The crew of HMS Penzance have tested navies safeguarding the Gulf in an all-action exercise to attack one of Iraq’s crucial oil platforms.

The minehunter joined American and Iraqi warships, and an Apache gunship, trying to wreak havoc at the northern tip of the Gulf by launching a mock attack on shipping around the Al Basrah terminal.

The platform is one of two off the Al Faw peninsula and is used by tankers from around the world who fill their holds with oil from Iraq.

At the peak of output, the two platforms have been responsible for generating more than four-fifths of Iraq’s national income.

Given their importance the two structures are heavily protected.

The Royal Navy spent nearly a decade shielding them while the post-Saddam Iraqi Navy was built up and took over the mission, known as maritime infrastructure protection , four years ago.

The Iraqis conduct regular training to ensure the platforms are safe, but the combined three-nation exercise raised the stakes considerably , and gave Penzance a chance to play a role far removed from her normal minehunting duties.

Among the various serials played out the ship, which is based in Bahrain for three years, was attacking the support ship RFA Cardigan Bay with US and Iraqi ships and an Apache hovering overhead.

This was all played out while the head of Iraq’s Navy Vice Admiral Ali Hussein Ali Al-Rubaye observed the proceedings.

“This is the first time I’ve fired the ship’s guns since I joined Penzance, and I’ve never taken part in an exercise with ships from another country,” said Able SeamanMichael Walsh, who manned the minehunter’s 30mm main gun.

“It was really exciting to shoot with targets and was probably my favourite part of the deployment so far.”

Helping him fend off incoming waves of attackers was AB William Levers. “I really enjoy practising the drills we would use to deal with a threat,” he said.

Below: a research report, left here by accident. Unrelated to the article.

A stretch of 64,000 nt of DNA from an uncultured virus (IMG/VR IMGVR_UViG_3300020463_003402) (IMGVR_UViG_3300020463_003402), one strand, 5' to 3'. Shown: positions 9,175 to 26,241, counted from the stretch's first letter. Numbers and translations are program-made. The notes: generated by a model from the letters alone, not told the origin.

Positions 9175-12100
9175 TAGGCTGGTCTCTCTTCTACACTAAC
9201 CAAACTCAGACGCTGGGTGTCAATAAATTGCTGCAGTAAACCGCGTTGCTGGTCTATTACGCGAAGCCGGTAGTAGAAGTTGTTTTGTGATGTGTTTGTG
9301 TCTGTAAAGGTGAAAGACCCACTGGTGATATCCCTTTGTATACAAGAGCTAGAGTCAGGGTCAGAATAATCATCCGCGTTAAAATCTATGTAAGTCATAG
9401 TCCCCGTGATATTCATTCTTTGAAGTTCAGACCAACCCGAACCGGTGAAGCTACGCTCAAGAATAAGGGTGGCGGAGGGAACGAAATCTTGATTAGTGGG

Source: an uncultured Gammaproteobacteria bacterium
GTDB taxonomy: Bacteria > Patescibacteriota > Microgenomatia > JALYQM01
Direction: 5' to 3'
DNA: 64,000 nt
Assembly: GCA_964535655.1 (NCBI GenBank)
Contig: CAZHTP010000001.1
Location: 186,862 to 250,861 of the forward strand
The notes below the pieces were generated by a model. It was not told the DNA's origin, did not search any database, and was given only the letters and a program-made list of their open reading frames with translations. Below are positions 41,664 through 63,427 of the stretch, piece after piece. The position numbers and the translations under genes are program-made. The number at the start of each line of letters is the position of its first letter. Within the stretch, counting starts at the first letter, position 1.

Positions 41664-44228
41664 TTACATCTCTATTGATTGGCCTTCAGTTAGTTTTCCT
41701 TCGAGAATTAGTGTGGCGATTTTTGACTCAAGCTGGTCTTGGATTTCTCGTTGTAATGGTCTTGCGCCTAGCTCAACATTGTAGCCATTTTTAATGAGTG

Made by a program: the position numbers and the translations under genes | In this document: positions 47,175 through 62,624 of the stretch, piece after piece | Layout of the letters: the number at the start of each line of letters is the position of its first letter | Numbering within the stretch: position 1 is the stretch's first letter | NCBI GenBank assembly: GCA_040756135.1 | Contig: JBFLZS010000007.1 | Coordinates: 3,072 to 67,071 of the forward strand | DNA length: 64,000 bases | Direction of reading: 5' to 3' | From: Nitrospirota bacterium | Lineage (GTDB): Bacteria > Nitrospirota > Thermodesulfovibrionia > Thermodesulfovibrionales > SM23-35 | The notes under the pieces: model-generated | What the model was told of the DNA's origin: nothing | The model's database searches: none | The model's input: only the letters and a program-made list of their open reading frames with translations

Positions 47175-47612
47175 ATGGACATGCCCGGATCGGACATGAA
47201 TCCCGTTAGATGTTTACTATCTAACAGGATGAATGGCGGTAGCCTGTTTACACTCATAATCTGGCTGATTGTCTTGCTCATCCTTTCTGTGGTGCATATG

“It’s good to know that we have a team on board who can react to anything and keep the ship safe.”

As part of the exercise, the minehunter hosted Vice Admiral Ali and several Iraqi sailors.

“The Iraqi sailors were clearly very interested in the kit we have available,” said Lieutenant Matt Byers, operations and mine warfare officer.

As a diver, I was able to talk them through the details of the diving runs and explain how we operate to enhance our minehunting ability.

“It’s such a valuable capability, especially in this region, which is hugely important for global commercial trade and contains three of the world’s six maritime chokepoints.”

Directing the Royal Navy’s input in the training exercise was Commander Tim Davey, in charge of all four of Britain’s minehunters based in Bahrain, from Cardigan Bay, which normally acts as their command and mother ship.

“The maritime protection exercise is just one part of our operations, which aim to maintain safety and stability in the region, working closely with our partners in the Gulf,” he said.

“All in all, it was a great success, with capabilities proven and relationships strengthened.”

He and his force have now resumed more regular duties, helping to maintain freedom of navigation in the Gulf and throughout the Middle East.